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Last June, the Software & Industry Information Association urged policymakers to resist introducing a slew of punishing rules and regulations around data collection and analysis. The software industry trade group was anticipating government’s reaction to the troubling appearance of security breaches of sensitive information, and urging restraint lest big data’s power be stifled.

Fast forward to December, when as many as 70 million Target customers had personal details associated with their credit and debit cards exposed thanks to a pre-Christmas security SNAFU at the massive retailer. And so the concerns continue.

As such, it’s no surprise that wary corporate types are in equal parts charmed by the massive capabilities of big data and anxious about finding themselves in a similar public relations mess. But it’s important that those in a position to exploit the stuff keep big data — including its related risks and shortcomings — in perspective. Because at the end of the day, this still-emerging corporate tool is one to be embraced, and not to retreat from.

ImageReassuring customers likewise should be an ongoing campaign among big data proponents. Some tips:

• Be upfront. Companies that are transparent about their plans for your information enjoy much better optics than those whose surreptitious use of your particulars is only revealed after the fact. It’s fine to own up to plans for limited disclosure of personal data — it’s 2014 after all — so long as you state your data-usage intentions clearly from the get-go.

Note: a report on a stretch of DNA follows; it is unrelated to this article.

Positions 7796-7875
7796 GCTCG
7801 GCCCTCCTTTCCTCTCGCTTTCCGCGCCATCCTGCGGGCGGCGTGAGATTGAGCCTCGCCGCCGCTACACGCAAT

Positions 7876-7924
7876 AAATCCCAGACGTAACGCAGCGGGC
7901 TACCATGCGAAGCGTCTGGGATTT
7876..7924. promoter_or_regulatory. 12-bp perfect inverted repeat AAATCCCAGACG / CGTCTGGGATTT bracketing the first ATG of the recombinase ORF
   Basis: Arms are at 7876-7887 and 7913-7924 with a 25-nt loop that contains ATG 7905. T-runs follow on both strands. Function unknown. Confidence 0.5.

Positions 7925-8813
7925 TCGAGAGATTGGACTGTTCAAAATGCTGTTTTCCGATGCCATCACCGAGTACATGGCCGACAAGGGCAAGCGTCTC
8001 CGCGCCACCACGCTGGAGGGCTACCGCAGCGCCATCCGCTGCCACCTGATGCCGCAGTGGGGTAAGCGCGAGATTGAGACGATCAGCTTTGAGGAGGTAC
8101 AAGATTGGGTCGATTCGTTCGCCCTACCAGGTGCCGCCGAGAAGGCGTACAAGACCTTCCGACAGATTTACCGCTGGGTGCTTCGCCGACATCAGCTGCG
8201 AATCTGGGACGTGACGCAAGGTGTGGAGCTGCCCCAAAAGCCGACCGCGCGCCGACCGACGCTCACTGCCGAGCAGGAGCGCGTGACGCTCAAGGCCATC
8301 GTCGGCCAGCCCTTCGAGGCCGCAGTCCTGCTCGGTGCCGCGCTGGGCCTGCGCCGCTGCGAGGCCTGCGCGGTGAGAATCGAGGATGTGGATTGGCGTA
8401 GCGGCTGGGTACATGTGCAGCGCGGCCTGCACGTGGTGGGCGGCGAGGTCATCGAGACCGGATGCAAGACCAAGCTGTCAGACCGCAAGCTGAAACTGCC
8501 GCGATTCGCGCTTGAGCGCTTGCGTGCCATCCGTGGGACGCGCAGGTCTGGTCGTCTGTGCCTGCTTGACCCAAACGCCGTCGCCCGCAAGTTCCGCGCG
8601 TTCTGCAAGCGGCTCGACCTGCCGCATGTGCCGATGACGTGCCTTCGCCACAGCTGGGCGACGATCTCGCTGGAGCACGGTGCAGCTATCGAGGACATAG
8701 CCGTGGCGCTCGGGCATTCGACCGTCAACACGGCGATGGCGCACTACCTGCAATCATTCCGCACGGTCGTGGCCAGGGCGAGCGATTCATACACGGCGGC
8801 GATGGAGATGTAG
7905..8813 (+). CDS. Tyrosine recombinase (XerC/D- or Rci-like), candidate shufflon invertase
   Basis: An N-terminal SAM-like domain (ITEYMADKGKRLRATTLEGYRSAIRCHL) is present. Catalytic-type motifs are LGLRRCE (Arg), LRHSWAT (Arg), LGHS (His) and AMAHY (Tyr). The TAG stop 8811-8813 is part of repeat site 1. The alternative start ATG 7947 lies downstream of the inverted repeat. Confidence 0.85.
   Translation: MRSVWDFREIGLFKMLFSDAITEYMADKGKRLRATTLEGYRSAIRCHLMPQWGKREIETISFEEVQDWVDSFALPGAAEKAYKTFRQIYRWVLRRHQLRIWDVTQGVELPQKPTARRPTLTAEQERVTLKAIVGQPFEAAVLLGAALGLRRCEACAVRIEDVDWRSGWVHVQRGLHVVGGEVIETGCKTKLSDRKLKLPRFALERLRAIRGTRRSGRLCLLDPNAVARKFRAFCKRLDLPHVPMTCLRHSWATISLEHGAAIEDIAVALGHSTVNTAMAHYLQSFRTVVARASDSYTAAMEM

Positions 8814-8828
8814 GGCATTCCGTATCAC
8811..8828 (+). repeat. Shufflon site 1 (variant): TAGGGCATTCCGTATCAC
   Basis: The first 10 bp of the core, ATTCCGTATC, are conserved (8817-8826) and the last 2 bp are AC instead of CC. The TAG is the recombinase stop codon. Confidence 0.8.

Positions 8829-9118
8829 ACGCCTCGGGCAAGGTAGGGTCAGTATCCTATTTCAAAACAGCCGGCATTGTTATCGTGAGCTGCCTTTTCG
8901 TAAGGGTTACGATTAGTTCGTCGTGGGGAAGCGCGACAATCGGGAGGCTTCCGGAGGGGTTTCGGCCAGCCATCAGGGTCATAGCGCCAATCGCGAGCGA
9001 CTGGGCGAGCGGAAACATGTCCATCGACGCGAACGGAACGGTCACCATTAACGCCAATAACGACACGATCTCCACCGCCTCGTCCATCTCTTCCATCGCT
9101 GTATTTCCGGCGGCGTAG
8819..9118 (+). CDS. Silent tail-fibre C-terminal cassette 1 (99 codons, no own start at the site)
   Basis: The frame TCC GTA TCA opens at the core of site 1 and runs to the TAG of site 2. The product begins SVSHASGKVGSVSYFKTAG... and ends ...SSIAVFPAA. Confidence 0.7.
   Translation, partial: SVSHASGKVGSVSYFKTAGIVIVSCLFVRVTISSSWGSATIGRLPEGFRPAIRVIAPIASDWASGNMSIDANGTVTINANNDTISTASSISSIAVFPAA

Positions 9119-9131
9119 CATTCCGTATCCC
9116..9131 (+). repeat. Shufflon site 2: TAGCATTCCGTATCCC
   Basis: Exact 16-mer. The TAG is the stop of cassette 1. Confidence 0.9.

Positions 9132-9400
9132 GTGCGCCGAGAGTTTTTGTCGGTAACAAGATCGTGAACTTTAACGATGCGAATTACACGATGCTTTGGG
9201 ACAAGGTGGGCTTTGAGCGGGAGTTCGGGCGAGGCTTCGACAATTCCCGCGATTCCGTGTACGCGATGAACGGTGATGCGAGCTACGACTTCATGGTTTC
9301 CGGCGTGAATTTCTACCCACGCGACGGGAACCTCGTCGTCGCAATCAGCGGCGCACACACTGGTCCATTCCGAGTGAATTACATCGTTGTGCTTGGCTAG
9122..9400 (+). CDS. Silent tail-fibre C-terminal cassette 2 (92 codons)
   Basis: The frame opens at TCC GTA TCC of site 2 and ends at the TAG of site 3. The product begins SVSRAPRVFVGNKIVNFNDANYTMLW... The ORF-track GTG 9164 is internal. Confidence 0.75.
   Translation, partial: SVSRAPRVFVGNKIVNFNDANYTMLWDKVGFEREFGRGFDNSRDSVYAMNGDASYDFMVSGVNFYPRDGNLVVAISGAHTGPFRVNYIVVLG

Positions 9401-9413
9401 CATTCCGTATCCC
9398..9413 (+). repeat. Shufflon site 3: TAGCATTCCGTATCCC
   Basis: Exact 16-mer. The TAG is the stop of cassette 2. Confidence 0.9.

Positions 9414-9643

• Speaking of intentions, make sure there’s something in them for the holders of the information in question. Ideally, big data revelations need to be beneficial to information collector and information provider, both. When consumers feel they’re getting a tangible benefit in exchange for their personal information, experience has demonstrated, their resistance to data collection diminishes.

• Full disclosure notwithstanding, there’s no denying the inherent trickiness of your ultimate plan to share customers’ personal deets. And you simply cannot answer for the privacy policies of those companies with whom you intend to communicate. The best release valve here might be an opt-out provision, in which customers get the opportunity to restrict their personal information’s dissemination.

So long as big data, in all its opportunity-expanding glory, is part of our revised life path, so too will concerns about privacy and information violations be. Governments and businesses interested in getting the most from its emerging promise would do well to step carefully and purposefully along it.